Medical Darwinism Has Pervaded Recent ACA Debate
“We are now contemplating, Heaven save the mark, a bill that would tax the well for the benefit of the ill.”
Although the quote reads like it could be part of the Republican repeal-and-replace assault against the Affordable Care Act (ACA), it’s actually from a 1949 editorial in The New York State Journal of Medicine denouncing health insurance itself.
Indeed, the attacks on the ACA seem to have revived a survival-of-the-fittest attitude most of us thought had vanished in America long ago. Yet, again and again, there it was in plain sight, as when House Speaker Paul Ryan, R-WI,(R-WI) declared: “The idea of Obamacare is that the people who are healthy pay for the people who are sick.”
Ryan’s indignation highlighted a fundamental divergence in attitudes that repeatedly turned the healthcare debate into a clash over the philosophy behind Obamacare-style health insurance. To some, the communal pooling of financial risk of medical expenses seems too often an unacceptable risk to personal responsibility.
As a researcher who has documented this approach to healthcare, I’ve been startled to see the debate over the AHCA reignite a political philosophy and policy approach that seemed to be have been discredited – and be in sharp decline.
When President Harry Truman launched the first comprehensive effort to cover all Americans, most of the population had no health insurance.
Last year, thanks to the ACA, nearly 90% did, according to a Gallup-Healthways poll. Yet then and now, many conservatives have downplayed the impact on physical health and focused, instead, on fiscal temptation.
Take, for instance, Rep. Jason Chaffetz, R-Utah, warning low-income Americans on March 7, 2017 that they had “to make a choice” about their spending: “So rather than getting that new iPhone that they just love and want to go spend hundreds of dollars on that, maybe they should invest in their own health care.”
In reality, of course, the premiums from the GOP’s late and abandoned American Health Care Act would dwarf any savings from iPhone abstinence. For a 64-year-old making US$26,500 a year, the cost of health insurance would have shot up from $1,700 to $14,600, according to the Congressional Budget Office.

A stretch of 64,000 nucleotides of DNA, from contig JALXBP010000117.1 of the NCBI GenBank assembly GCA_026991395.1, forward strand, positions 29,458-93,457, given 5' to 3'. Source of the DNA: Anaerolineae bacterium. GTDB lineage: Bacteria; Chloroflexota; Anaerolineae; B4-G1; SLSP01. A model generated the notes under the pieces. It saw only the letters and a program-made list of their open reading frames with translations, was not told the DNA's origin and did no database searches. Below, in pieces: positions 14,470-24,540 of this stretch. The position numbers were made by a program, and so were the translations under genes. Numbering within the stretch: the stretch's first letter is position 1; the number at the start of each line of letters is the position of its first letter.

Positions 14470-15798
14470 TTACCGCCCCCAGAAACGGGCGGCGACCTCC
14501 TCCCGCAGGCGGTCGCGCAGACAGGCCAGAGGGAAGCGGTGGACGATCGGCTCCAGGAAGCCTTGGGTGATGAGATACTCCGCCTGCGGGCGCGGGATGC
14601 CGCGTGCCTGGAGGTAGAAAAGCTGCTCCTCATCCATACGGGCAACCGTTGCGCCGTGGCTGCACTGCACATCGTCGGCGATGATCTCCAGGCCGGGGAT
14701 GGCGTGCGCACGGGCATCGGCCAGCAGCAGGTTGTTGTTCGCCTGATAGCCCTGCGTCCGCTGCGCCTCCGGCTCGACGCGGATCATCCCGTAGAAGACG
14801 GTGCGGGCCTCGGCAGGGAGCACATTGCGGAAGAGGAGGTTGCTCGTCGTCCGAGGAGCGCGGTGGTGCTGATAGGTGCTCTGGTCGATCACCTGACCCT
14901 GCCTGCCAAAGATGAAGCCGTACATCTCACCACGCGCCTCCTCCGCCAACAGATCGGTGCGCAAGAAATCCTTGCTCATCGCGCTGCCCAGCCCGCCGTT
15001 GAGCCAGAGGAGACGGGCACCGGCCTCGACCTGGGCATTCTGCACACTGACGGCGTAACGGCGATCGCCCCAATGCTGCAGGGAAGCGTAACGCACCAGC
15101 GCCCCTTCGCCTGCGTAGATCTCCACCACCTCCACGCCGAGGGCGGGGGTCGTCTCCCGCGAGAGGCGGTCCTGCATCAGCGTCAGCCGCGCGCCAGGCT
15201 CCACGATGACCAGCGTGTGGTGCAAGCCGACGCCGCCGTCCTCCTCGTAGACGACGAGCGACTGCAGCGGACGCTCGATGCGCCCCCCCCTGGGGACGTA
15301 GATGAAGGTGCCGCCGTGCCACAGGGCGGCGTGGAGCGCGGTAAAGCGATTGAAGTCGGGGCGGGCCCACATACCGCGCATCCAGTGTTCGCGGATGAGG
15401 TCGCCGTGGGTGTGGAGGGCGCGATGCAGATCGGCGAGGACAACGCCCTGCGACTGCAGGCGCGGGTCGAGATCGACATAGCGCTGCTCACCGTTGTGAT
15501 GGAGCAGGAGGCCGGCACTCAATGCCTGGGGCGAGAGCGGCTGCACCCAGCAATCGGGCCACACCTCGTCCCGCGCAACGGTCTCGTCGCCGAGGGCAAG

Chaffetz and others seem to sincerely believe that “what keeps the great majority of people well is the fact that they can’t afford to be ill” – although those words come from the 1949 editorialist again, not a Trump administration tweet.
As it happens, the effect predicted in 1949 on the detection of cancer – less of it – is precisely what has happened with the spread of high-deductible health plans praised by conservatives for encouraging more careful “shopping” by “consumers.” A study in Medical Care showed that screening rates for colorectal cancer declined under high-deductible plans until, under Obamacare, the federal government forced those plans to include first-dollar coverage of preventive services.
Separately, surveys and research on high-deductible plans have found that 20% to 25% of people have avoided needed care of all kinds because they can’t afford it.
For most physicians, that compassionless condescension lies in the faraway past; for example, the AHCA was overwhelmingly opposed by medical professional groups, including the .American Medical Association.
Yet an implacable medical Darwinism retains a firm grip on many conservatives, even on physicians. Then-Oklahoma Sen. Tom Coburn, an obstetrician/gynecologist and prominent Republican, told a sobbing woman at a 2009 public meeting on the ACA that “government is not the answer” when she said she couldn’t afford care for her brain-injured husband.
Similarly, in 2011, after the ACA passed, then-Rep. Ron Paul, R-Texas, also an obstetrician/gynecologist, was asked what should be done about an uninsured, 30-year-old man in a coma. “What he should do is whatever he wants to do and assume responsibility for himself,” Paul responded, adding, “That’s what freedom is all about, taking your own risk.”
However, most Americans, including some prominent conservative intellectuals, don’t see stripping away health insurance from 24 million countrymen – the CBO’s estimate of the AHCA’s 10-year impact – as striking a blow for liberty. In a Quinnipiac University poll released just before the scheduled AHCA vote, only 17% of respondents approved of the Republican plan and 46% said they’d be less likely to vote for someone who supported it.
One day later, GOP leaders withdrew the legislation, sparing Republican representatives a vote “on the record.” Although Vice President Mike Pence has called evolution an unproven theory, it turns out Republicans really do believe in “survival of the fittest” (at least in a political sense), after all.
Michael Millenson is an author and consultant. A version of this article originally appeared at the Conversation blog.